Tuesday, July 22, 2008

Of Chocolate and eBooks

Per my previous blog about Biagio Fine Chocolate of Washington, DC, I submit the latest additions to the Stash. Pay attention, there might be a quiz.

Waialua Estate 70% Dark 5-Pack - Grown in Hawaii, made by E. Guittard of San Francisco, and distributed by Dole. This is the only single-origin chocolate to come from American soil, and you can buy these .35 ounce slivers (each stamped with a gorgeous design - I'll be sure to take a picture before I eat them all) in a pack for about $7.50 at Biagio. Online prices may vary.

The gentleman at Biagio recommended Waialua for a nice dark experience, and suggested we might detect a faint pineapple finish. Well, the chocolate itself is just amazing, flavor-rich with hints of red berry - maybe a bit of currant or raspberry, too - but if I hold the taste long enough there is the smallest clue of citrus there. I'm enjoying this now and wishing I had a nice glass of red to go with it.

Vosges Naga Bar 41% Mini-Bar - Sweet Indian curry powder and coconut flakes in deep milk. These go for about $2.50 online and in stores, I think that was the price we paid. The aroma of curry is very evident on peeling back the sealed foil. Flecks of coconut are just visible in the medium brown bar, which is stamped ethereal. Good description of the taste, too. The curry lends a flavorful spice that well complements the sweet of the chocolate, while the coconut provides a nice accompanying background taste. Very smooth with a pleasant milk finish. Of the Vosges I've tried so far, this is the one to beat.

Ithaca Fine Chocolates Art Bar: Dark with Hazelnuts - Actually purchased at Teaism for close to $2-3. Ithaca prides themselves on being the first American chocolate company to offer fair trade organic chocolate.

Kshocolat Orange and Cardamom (72% dark) - A Scottish chocolatier. I keep hearing Mike Myers' Scottish character in my head when I look at these bars. If it's not from Scotland, it's crap! I guess we'll soon find out, eh? These go for about $4-5.

Kshocolat Honeycomb and Vanilla (Milk) - See above.

Vosges d'Oliva Bar (white) - At last, we found the elusive white chocolate/kalamata olive bar. I can't wait to tuck into this one. I liked, too, that we only had to pay $6 for this one. I've seen Vosges near me go for as high as $9 a bar. Of course, Biagio had more expensive bars than that. One customer ahead of us paid $12 for a single-origin Ecuadorian bar.

Which brings me how this post relates, in some way, to eBooks. For years now, people have argued about the ideal price to put on something that is, technically, intangible. Yes, eBooks are books in that they provide information and/or entertainment, can be catalogued with ISBN numbers, and are distributed through major retailers like Amazon.com. Companies like Sony are involved in the industry by providing handheld readers for eBooks, and publishers like Harlequin and Kensington have recently come to see the value in offering eBooks for sale.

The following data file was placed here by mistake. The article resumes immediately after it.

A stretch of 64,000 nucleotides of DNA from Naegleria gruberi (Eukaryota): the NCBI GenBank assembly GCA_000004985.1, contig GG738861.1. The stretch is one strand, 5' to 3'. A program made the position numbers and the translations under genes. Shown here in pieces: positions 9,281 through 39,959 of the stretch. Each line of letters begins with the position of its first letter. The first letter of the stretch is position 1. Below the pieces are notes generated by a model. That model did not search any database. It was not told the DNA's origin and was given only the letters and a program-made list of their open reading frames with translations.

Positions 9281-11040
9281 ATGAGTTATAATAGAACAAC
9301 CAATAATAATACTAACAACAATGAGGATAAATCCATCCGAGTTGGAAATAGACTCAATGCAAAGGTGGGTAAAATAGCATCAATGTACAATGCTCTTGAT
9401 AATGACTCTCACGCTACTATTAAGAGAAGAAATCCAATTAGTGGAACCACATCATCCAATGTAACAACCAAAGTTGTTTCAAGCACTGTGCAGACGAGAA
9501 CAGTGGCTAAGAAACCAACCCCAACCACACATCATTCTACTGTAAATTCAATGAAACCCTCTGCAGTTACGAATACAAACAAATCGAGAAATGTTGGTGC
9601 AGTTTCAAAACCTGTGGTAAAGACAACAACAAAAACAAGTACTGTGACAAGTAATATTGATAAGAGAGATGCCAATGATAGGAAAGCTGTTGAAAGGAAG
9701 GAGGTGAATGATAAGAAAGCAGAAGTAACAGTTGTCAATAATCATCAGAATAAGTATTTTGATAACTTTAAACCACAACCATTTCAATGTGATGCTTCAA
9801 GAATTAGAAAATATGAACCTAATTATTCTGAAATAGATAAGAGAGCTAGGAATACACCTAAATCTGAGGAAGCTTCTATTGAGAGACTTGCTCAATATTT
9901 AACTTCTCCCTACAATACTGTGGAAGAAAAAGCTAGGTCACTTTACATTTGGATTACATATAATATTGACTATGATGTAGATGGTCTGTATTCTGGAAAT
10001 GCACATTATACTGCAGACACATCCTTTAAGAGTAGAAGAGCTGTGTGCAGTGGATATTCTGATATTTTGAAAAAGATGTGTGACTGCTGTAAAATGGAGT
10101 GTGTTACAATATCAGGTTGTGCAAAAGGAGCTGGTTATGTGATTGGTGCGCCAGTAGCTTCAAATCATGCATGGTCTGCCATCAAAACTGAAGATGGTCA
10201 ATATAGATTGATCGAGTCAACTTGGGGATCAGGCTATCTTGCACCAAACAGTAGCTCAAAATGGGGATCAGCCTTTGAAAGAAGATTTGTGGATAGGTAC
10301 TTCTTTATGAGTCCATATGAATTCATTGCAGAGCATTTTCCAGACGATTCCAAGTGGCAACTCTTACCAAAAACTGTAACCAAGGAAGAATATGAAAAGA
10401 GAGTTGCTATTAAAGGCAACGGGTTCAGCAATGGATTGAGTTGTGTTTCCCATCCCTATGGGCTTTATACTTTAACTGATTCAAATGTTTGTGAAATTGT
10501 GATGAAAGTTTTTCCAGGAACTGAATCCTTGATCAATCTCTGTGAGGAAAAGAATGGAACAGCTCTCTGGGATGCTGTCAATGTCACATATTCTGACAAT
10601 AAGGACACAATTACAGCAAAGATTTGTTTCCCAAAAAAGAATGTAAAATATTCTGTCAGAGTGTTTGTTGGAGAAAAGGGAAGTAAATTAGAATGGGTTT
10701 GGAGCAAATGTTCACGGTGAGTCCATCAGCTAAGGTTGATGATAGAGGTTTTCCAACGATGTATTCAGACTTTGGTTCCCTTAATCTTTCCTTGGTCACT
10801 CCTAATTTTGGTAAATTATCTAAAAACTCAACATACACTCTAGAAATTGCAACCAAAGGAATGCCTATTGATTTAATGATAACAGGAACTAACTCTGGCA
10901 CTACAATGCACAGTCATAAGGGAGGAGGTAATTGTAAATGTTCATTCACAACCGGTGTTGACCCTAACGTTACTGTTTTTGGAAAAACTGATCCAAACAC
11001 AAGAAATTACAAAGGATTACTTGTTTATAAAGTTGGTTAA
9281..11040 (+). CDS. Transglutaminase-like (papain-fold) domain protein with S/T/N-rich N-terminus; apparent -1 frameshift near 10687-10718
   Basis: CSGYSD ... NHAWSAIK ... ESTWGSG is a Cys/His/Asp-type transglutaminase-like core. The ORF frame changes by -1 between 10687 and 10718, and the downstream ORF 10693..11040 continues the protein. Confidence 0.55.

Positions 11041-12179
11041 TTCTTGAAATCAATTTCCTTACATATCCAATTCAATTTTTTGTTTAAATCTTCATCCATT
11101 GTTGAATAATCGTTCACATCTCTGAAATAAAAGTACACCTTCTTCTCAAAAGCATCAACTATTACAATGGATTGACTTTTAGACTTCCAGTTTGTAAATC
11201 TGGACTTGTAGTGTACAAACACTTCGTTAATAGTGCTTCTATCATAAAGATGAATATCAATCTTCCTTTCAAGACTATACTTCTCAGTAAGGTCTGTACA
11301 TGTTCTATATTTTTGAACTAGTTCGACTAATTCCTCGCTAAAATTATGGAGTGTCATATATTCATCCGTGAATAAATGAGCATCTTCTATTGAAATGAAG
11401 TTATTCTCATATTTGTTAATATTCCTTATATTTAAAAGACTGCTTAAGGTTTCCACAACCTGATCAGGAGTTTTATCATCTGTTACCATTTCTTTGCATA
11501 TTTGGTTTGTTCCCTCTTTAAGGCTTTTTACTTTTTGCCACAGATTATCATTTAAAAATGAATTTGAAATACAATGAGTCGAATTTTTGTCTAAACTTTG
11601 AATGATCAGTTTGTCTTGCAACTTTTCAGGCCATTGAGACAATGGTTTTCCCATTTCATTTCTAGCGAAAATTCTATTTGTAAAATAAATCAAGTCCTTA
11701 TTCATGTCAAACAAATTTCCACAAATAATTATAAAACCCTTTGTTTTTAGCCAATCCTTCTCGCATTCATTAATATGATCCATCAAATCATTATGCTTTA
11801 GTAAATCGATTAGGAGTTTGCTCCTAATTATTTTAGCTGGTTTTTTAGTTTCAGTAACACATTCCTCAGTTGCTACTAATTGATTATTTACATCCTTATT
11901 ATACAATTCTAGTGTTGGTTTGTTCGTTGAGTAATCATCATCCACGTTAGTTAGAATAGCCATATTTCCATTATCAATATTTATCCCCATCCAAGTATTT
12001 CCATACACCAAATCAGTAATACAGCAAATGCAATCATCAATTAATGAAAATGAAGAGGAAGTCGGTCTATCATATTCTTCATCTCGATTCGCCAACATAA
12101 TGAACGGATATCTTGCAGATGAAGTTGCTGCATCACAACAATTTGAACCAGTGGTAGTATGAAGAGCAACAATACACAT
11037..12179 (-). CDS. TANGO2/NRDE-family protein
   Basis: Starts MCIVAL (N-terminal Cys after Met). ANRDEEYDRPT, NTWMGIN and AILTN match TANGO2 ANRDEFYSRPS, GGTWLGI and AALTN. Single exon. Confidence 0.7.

Yet, there is still the price issue. Phaze Books range in price from $2 - $7, and I'll tell you now the $7 tag may be going away soon. (More on that later) This is about standard for other ePublishers on our level. Major NY pubs with eBook options may offer books at the regular hardcover price, with books ranging from $9.99 to as high as $24.95. A reader faced with the choice between a tangible book that sits on a shelf as opposed to an eBook which a critic might liken to "air", one might expect the reader to choose the former. To pay twenty-five bucks, one will want proof of it, and a book does just that.

Well, I ponder this, and then I think about my trip to the chocolate shop. I saw chocolates that started at $2 for one bar, and others that cost much, much more. The aforementioned customer who bought the $12 chocolate originally thought he only had to pay six - turns out he read the wrong tag on the shelf. Even so, he paid the $12 anyway because he knew what he was getting. The shop clerk told us that, even though they do their best to keep the prices down, customers don't blink at the price tags. When somebody pays $12 for a top-ranked single-origin Bolivian bar, he knows he is getting a quality chocolate.

Now, what do you do with a $12 chocolate bar? You eat it. Can't keep it too long or the chocolate will temper. Once you do eat it, though, it's gone. It doesn't come back.

Pay $6 for an eBook. Read it. Guess what? It's still there. You can save it to a disk or flash drive, return to it, and enjoy it again if you wish. Same with the $24.95 eBook. It is also virtual space that doesn't clutter your living room.

I suppose the point I'm trying to make here is that price doesn't necessarily have to be an issue when it comes to buying eBooks. Personally, I don't intend to raise prices on ours - we did once before and actually saw an increase in sales. Cost shouldn't have to be a deterrant when enjoying a good book...assuming you have the money for it. It's a tight economy here, yes, but I believe it will get better. So will the books and the chocolate.

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